What would happen if an amendment to the US constitution was passed repealing the entire constitution? What would the legal status of the states, DC, and the territories be after the dissolution of the federal government?

  • 1
    If such an amendment were passed in practice, there would be some provision made for transition (either a new federal constitution or a system for the disposition of federal debts, assets, etc.). Are you asking what would happen if no such provisions were made?
    – phoog
    Jun 16 at 7:36
  • -1 Any such amendment ought to make provision for the new state of things.It is speculation to try to guess what that provision might be. If no such provision were made , then the courts or some authority would have to make one, there is no telling what it would be. Jun 16 at 14:59
  • Should I delete the question?
    – Someone
    Jun 16 at 18:00
  • I don't understand the downvotes. There's a legally correct answer to this.
    – bdb484
    Jun 16 at 19:08
  • @phoog yes, I'm asking what would happen if the amendment repealed the Constitution and did nothing else.
    – Someone
    Jun 16 at 19:09

1 Answer 1


The United States of America treats each individual state as a sovereign entity, subject to constraints imposed by the Constitution.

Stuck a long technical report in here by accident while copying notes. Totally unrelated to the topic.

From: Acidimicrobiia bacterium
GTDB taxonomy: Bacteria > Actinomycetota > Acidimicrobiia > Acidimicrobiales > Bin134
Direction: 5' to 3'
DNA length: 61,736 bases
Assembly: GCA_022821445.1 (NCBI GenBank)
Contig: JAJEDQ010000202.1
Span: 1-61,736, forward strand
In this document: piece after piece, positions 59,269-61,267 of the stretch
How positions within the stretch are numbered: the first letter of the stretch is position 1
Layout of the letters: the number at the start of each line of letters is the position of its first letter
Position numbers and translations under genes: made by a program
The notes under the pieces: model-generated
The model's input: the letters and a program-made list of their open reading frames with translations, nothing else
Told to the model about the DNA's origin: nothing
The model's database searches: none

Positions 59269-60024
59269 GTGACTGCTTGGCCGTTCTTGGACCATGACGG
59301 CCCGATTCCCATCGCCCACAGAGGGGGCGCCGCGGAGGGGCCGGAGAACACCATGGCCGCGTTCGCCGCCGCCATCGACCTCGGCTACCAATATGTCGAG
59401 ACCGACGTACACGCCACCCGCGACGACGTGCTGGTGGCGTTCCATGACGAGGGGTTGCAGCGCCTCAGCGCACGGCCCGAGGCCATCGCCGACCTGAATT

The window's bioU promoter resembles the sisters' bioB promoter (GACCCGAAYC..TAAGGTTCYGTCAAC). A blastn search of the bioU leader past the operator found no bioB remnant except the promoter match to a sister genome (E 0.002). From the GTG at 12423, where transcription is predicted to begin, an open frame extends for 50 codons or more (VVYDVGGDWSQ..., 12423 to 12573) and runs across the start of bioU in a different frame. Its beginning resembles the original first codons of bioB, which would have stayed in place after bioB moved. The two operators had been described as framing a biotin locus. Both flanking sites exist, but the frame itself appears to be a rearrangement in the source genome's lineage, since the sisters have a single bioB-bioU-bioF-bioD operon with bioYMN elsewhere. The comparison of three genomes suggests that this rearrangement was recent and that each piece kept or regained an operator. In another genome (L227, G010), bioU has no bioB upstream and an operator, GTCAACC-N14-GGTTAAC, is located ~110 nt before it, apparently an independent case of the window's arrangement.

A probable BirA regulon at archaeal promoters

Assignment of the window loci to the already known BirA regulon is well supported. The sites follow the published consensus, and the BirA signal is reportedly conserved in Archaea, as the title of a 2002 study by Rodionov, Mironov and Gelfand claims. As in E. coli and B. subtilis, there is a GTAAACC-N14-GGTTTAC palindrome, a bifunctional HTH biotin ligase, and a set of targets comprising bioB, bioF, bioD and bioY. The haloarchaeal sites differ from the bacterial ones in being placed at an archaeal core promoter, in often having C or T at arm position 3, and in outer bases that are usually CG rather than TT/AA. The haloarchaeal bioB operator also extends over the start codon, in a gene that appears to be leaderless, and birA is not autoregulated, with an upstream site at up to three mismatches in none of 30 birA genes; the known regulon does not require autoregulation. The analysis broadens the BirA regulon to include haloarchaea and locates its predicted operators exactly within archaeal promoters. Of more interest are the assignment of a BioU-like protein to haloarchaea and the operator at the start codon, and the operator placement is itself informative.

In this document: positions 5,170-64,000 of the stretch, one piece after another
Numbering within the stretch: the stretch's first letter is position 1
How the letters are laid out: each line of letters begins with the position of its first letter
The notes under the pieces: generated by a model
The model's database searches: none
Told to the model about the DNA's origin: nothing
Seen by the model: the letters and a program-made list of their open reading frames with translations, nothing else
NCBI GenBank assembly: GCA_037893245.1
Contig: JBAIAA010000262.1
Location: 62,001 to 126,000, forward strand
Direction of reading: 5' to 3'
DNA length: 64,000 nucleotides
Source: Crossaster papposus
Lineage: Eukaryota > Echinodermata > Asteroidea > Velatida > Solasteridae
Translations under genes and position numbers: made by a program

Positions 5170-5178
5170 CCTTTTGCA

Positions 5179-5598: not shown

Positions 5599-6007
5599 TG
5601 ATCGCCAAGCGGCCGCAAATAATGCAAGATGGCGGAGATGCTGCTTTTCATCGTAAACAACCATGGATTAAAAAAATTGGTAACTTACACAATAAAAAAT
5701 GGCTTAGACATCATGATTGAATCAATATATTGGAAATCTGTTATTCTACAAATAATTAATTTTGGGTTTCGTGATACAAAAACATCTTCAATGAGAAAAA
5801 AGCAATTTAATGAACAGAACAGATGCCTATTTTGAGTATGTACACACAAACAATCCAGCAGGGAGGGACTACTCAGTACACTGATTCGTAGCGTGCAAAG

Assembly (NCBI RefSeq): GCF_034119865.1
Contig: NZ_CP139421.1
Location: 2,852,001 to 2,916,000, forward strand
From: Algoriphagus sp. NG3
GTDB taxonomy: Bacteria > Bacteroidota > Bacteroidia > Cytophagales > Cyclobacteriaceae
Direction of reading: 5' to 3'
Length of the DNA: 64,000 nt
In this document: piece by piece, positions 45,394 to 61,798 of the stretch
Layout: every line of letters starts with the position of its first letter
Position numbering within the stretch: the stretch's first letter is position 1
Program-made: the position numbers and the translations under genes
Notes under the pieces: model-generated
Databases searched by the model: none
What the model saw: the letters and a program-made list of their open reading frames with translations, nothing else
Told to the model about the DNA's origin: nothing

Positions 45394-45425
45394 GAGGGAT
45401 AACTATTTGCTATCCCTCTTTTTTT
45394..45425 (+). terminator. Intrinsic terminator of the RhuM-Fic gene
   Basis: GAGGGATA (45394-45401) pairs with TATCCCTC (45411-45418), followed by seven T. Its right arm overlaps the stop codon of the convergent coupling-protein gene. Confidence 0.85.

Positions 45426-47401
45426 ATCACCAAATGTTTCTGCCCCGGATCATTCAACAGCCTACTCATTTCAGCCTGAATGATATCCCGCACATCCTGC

If the entire Constitution were repealed without providing for any successor constitution, the 50 states would become individual nations. I'd expect DC to revert to Maryland, which ceded that property to the federal government, and the territories would become independent entities, as well.

  • 1
    This a plausible but very speculative answer about an amendment or Act that has not even been seriously proposed much less passed. The exact content of such an amendment is unknown, The way in which the courts of the several states might interpret such an amendment is unknown. Thus this answer in only speculation Jun 16 at 20:40
  • @DavidSiegel Suppose the text of the amendment is "The Constitution of the United States of America is hereby repealed in its entirety."
    – Someone
    Jun 16 at 20:51
  • @Someone How the various state courts (and legislatures) would interpret their subsequent status is still speculation. Jun 16 at 20:55
  • How courts would interpret any law or fact pattern is speculation. That doesn't render informed analysis impossible.
    – bdb484
    Jun 16 at 20:58
  • @DavidSiegel if the federal government packed up and went home, what ruling could any state court make to change this answer? How could any state assert that it was anything other than an independent sovereign state? What else could it be? But this answer doesn't go nearly far enough into the unresolved questions that would persist, in particular the disposition of federal assets (real property at home and abroad, gold reserves, money, commodities, etc.) and liabilities, as well as the chaos that would ensue as the North American air traffic system would need to be completely reorganized, etc.
    – phoog
    Jun 16 at 21:48

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